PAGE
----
Through the Reading Glasses February 2022

By Janet Moore

 When the century turned at midnight on December 31, 1999, no technological protocols and systems were overturned, and the world didn’t come to a complete stop. But while my family was inside watching the ball drop, I stubbornly stood outside in the bitter cold, wondering if the stars would remain in alignment. 

To my profound relief, the North Star was visible off the handle of the Big Dipper while the sky glittered with heavenly bodies: I’ve always found the winter sky a clearer window into the wonders of the universe.

Not so with astrobiologist Theo Byrne and his son, Robin, in Richard Powers’ new novel, “Bewilderment.” After his wife’s untimely death, Theo is left to raise Robin on his own, not an easy feat with a boy under the sometimes destructive spell of an autistic-like brain and emotional bereavement. But they both love the stars and the clear skies of the Great Smoky Mountains.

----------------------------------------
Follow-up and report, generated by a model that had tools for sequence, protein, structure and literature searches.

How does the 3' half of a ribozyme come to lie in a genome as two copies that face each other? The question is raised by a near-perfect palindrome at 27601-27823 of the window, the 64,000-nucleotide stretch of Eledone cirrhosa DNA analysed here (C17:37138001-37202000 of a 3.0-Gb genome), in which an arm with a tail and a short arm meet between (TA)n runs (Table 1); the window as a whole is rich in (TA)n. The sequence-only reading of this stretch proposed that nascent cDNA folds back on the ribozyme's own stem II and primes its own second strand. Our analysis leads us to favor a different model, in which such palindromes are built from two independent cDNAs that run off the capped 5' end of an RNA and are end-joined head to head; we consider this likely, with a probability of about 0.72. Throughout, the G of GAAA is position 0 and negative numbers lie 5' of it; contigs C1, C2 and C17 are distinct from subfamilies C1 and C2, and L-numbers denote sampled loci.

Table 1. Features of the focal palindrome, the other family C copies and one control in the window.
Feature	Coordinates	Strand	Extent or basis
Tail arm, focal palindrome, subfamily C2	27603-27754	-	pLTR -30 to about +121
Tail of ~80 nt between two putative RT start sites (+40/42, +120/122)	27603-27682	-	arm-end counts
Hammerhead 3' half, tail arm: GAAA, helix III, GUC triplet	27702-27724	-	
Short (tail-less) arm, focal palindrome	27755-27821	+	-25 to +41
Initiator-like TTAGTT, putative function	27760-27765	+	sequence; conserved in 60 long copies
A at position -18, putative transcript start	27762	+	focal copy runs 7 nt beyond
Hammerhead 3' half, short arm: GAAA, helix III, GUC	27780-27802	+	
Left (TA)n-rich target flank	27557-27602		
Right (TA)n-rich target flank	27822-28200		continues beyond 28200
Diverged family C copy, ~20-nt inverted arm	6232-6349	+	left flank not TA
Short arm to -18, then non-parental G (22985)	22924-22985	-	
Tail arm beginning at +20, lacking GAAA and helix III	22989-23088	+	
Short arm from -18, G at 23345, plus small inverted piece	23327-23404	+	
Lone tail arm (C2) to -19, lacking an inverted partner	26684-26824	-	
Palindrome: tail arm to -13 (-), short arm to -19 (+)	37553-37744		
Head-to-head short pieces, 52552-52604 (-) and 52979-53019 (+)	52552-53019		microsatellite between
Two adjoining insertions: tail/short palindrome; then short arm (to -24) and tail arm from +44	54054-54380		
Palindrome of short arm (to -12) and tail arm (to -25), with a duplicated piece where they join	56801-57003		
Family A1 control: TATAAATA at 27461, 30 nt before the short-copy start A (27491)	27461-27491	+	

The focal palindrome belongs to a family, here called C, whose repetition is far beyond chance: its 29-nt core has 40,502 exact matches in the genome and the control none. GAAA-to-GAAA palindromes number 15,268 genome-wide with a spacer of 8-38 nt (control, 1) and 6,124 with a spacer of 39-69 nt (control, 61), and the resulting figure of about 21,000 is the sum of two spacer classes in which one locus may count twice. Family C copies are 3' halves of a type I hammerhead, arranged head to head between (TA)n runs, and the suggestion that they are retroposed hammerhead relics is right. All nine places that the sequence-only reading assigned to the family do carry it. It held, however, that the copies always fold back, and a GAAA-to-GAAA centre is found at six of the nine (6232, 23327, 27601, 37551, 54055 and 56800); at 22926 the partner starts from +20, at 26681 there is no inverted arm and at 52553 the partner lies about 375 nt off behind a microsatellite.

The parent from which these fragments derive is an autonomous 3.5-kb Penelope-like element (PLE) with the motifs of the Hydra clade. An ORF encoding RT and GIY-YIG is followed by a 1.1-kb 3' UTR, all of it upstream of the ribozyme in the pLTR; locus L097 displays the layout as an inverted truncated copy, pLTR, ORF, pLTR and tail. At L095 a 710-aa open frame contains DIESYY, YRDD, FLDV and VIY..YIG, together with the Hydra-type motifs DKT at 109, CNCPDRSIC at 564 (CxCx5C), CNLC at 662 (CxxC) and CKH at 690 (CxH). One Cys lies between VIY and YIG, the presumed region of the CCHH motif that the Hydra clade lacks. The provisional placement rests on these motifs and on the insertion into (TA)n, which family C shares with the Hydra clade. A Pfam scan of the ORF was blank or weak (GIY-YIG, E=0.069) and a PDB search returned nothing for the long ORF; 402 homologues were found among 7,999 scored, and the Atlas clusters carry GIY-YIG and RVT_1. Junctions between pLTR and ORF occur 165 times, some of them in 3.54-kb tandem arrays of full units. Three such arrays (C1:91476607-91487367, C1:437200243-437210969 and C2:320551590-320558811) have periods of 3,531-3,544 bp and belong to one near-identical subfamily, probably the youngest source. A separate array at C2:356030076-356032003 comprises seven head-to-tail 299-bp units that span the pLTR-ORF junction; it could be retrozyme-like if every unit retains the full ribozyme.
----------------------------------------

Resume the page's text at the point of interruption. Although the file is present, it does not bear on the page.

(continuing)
As Theo tries ever harder to get Robin through school without the help of psychoactive drugs, he learns of an experimental treatment involving neurofeedback that sounds promising. There’s just one catch: Theo and his wife participate in the same friend/scientist’s brain research, and Robin will be trained on the recorded patterns of his mother’s brain.

There’s just one catch, again. As long as the project is funded, Robbie will take on all the best traits of his mother. As Theo struggles to digest the worsening news of a president gone mad with power, of pandemics,  extinctions, and finally, the withdrawal of his own space telescope funding,  Robbie chooses homeschooling and sets out to detail his minute observations. And then there’s the final catch.The experimental project funding is halted.

If you’ve read “Flowers for Algernon” you’ll know what’s coming. Read “Bewilderment” anyway. The story encompasses the full range of human emotions, and, in Theo and Robbie’s story, you may find yourself looking up at the stars and down into your heart and discovering hope.